Friday, June 1, 2012

Day 195! Yemen~Ghraybeh (Shortbread and Pistachio Cookies) with Homemade Rose Water - Up Next, Zambia

 Maybe it's because of my Irish heritage, or perhaps it's the neighborhood I live in that was settled by the Irish in the 1800's, but when the opportunity came along to make a homemade still, I simply couldn't resist. But don't get too excited. I'm not making hootch, rather, I'm distilling rose petals from my garden to make rose water. Aside from the thrill of making this heavenly scented concoction, most Middle Eastern and Arabic cooking uses some form of rose water, orange blossom or jasmine water in all kinds of cooking. Seeing as roses are in bloom, and I'm cooking in Yemen, I had to give this a shot. The end product is not as "rosy" as commercially sold rose water, but pretty close! As for the cookies, imagine rich, crumbly shortbread, scented with roses and spiced with exotic cardamom ~ lovely. Lastly, a big shout-out to my friend, Lee at Cambridge Cooks for the kitchen visit and Sofra snacks!

Map Courtesy of Lonely Planet
Located in western Asia, Yemen occupies the southwestern to southern end of the Arabian Peninsula and is bordered by Saudi Arabia, the Red Sea and Oman. Although Yemen is said to be one of the poorest countries in the Arab world, it is also home to some of the most beautiful architecture. The country's rich culture, once known as the "land of milk and honey", also claims the oldest city in the world in its capital city, San'a. Yemen is the only state in the Arabian Peninsula to have a completely republican government. Slightly over half of the country's population is Sunni, with the remainder being Shia.

Cuisine in Yemin is different from typical Middle Eastern cooking as it has Ottoman and Turkish influences, as well as Afghan, Moroccan, African and Arabian traditions. Chicken and lamb are the primary source of protein, with fish being eaten in the coastal region. Cheese, butter and dairy are eaten in moderation, but buttermilk, vegetable oil, ghee and clarified butter are used in cooking daily. Spices and seasonings often used include (but are not limited to)anise seed, fennel, ginger, honey, garlic, onions, chilies,rose and orange blossom water, sesame and poppy seeds. Tea and very strong coffee are enjoyed in restaurants and in homes.
I picked a variety of roses from my backyard
Some are domestic and some wild tea roses
I took the petals off the stems

All you need to make a still: fire place brick, metal or glass bowl and a large pot with a domed lid

Once water comes to a boil, dump a bunch of ice on the lid. The ice melts and condensation drips down into the bowl.

For the cookies: semolina, powdered sugar, flour, canola oil and pistachios
...and cardamom and roses <3
Pine nuts and almonds can be used as well as pistachios
Shape the dough into an "s", diamonds or wreaths

The first batch did not hold its shape, so I added a little more flour (indicated in recipe below)

These delicate cookies are heavenly scented and flavored with rose water and cardamom

Ghraybeh (Shortbread Cookies) Adapted from The Spice House

1-1/4 cups all-purpose flour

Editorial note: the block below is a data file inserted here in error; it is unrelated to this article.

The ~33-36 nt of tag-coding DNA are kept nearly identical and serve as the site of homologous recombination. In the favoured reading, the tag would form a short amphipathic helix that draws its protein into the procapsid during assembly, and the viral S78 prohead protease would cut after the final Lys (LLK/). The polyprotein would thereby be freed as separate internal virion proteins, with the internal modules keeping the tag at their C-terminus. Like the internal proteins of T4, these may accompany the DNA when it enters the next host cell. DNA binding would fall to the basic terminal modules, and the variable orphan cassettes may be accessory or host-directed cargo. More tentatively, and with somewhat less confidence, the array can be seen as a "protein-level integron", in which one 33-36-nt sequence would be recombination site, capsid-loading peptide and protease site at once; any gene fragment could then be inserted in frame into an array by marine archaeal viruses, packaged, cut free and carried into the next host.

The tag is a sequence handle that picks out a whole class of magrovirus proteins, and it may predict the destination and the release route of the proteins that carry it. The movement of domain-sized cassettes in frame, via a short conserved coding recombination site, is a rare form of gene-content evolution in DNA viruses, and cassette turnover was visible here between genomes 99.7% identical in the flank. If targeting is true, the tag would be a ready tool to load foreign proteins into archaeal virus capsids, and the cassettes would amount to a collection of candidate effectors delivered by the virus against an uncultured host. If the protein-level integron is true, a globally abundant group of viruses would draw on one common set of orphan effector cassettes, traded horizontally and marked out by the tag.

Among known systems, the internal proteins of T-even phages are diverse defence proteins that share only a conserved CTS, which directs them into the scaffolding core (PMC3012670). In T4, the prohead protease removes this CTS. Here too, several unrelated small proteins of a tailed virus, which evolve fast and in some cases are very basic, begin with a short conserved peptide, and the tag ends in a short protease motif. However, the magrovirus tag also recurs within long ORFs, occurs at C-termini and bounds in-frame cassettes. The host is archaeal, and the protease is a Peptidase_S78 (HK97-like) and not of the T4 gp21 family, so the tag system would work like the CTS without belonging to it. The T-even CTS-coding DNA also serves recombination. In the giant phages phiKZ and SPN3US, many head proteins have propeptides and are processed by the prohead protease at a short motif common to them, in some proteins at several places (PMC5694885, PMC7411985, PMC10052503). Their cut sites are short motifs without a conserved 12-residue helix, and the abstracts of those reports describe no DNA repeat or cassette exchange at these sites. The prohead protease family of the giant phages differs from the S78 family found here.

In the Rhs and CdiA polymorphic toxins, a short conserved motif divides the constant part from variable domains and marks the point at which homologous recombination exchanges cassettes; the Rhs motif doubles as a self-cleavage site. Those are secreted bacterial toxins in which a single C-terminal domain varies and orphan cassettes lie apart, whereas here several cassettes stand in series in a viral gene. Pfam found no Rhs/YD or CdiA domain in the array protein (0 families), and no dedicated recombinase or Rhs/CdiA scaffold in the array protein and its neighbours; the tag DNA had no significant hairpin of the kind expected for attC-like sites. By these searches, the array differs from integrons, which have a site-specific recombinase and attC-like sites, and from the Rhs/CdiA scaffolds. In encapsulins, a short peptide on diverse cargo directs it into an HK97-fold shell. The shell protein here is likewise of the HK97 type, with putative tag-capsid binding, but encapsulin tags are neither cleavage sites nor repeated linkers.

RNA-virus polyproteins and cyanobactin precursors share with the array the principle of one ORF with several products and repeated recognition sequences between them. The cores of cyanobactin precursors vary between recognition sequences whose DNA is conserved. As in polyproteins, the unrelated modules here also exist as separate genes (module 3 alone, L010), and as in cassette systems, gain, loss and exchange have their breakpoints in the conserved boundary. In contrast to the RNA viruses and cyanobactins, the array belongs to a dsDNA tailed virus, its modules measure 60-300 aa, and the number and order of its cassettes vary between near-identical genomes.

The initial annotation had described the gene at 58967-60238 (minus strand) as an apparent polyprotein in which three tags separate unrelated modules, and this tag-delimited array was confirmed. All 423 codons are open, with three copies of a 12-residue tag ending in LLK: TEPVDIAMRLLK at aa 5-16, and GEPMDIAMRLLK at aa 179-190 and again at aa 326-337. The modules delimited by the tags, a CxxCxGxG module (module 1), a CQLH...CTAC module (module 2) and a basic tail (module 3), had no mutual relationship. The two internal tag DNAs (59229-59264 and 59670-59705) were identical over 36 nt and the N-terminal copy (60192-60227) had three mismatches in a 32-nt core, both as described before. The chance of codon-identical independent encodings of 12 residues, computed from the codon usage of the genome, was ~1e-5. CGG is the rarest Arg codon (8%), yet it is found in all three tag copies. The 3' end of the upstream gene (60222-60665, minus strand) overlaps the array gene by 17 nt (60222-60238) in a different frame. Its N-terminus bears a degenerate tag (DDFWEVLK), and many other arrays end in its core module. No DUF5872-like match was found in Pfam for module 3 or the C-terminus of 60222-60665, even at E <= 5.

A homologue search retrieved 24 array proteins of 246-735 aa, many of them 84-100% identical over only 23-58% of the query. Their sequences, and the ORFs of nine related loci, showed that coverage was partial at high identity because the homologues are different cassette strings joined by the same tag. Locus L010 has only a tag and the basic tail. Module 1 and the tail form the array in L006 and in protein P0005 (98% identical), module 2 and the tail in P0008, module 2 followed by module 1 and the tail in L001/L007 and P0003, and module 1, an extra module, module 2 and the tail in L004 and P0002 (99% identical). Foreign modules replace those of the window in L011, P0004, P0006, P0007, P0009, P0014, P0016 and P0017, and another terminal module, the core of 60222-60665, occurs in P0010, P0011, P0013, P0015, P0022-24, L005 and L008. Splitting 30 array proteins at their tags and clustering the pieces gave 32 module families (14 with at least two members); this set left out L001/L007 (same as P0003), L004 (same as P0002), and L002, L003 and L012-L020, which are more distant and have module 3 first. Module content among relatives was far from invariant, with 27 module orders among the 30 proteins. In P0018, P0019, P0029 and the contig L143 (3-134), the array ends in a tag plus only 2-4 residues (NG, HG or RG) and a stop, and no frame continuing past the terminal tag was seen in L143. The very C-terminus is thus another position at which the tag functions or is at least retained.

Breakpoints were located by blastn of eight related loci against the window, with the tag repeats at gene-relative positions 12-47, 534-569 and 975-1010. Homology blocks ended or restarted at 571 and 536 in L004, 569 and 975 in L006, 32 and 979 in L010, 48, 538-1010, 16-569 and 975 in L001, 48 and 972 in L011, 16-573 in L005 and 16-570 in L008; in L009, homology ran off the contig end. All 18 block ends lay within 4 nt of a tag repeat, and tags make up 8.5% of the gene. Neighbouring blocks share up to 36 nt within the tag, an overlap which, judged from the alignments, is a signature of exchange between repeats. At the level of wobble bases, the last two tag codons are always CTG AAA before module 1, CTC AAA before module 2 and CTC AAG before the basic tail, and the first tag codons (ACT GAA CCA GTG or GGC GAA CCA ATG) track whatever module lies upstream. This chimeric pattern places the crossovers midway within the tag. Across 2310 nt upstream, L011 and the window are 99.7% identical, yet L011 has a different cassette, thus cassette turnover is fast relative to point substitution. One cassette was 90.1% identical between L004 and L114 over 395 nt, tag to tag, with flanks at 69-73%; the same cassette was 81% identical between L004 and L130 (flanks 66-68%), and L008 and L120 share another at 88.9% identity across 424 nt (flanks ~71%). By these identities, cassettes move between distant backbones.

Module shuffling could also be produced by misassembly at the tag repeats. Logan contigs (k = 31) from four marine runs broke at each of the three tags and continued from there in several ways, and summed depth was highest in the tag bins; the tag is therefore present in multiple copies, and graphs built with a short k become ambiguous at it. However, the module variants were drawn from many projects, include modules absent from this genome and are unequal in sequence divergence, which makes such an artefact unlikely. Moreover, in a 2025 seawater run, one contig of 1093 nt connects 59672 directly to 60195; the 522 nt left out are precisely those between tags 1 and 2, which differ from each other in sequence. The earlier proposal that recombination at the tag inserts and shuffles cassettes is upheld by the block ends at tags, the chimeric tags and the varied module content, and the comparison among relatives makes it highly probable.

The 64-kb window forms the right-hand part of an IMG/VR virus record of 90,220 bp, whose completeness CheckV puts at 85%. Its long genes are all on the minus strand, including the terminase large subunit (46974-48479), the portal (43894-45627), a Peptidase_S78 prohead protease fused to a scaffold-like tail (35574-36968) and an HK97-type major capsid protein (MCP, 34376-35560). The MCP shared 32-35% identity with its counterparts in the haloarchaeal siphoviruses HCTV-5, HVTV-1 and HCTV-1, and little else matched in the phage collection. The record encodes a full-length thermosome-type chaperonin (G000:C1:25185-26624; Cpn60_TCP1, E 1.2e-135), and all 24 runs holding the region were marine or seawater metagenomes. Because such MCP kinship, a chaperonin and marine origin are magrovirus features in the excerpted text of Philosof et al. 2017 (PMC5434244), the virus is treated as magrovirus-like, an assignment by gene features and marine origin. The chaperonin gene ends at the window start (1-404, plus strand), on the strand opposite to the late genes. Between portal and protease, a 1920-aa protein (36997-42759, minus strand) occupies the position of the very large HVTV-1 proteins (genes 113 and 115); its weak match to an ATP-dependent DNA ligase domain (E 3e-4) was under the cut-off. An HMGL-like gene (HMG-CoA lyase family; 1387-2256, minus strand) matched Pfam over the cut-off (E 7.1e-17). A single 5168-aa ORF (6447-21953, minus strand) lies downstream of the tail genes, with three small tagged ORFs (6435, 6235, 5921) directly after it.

1 cup semolina flour
1 cup powdered sugar, plus more for dusting
1 cup clarified butter (ghee), softened or canola oil
2 teaspoons rose water
1/4 teaspoon ground cardamom
1/4 cup (approximately) shelled pistachios
1/4 teaspoon fine-grained salt
Preparation Instructions
Preheat oven to 300 degrees.

Mix together the butter, sugar, and rose water until light and creamy. Sift together flours, salt and cardamom and stir into butter mixture until well combined. Chill dough for 30 minutes.

Form dough into grape-sized balls, then shape balls into wreaths, diamonds, "s" shapes, etc. (or leave round). Place a pistachio on each cookie.

Arrange cookies 1 inch apart on ungreased baking sheets. Bake 18-20 minutes, until cookies are dry to the touch and just starting to change color. Transfer cookies to a rack and immediately dust heavily with powdered sugar.

Makes about 3 dozen cookies.

Blanched almond or pine nuts can be used in place of pistachios. Rose Water can be substituted with orange flower water or with whiskey or other flavors.


Homemade Rose Water - Adapted from care2com

Be sure you have a brick and heat-safe stainless steel or glass quart bowl ready before you begin.

2-3 quarts fresh roses or rose petals
Ice cubes or crushed ice

1. In the center of a large pot (the speckled blue canning pots are ideal) with an inverted lid (a rounded lid), place a fireplace brick. On top of the brick place the bowl. Put the roses in the pot; add enough flowers to reach the top of the brick. Pour in just enough water to cover the roses. The water should be just above the top of the brick.

2. Place the lid upside down on the pot. Turn on the stove and bring the water to a rolling boil, then lower heat to a slow steady simmer. As soon as the water begins to boil, toss two or three trays of ice cubes (or a bag of ice) on top of the lid.

3. You’ve now created a home still! As the water boils the steam rises, hits the top of the cold lid, and condenses. As it condenses it flows to the center of the lid and drops into the bowl. Every 20 minutes, quickly lift the lid and take out a tablespoon or two of the rose water. It’s time to stop when you have between a pint and a quart of water that smells and tastes strongly like roses.

© 2010-2012, What's Cooking in Your World? Sarah Commerford/All Rights Reserved


Young Werther said...

Quite a conundrum, shortbread from Africa.

The rosewater should give it an interesting aroma!

sadie said...

Yes! And in combination with cardamom, they were amazing. Unfortunately, they didn't hold their shape, but they were still delicious.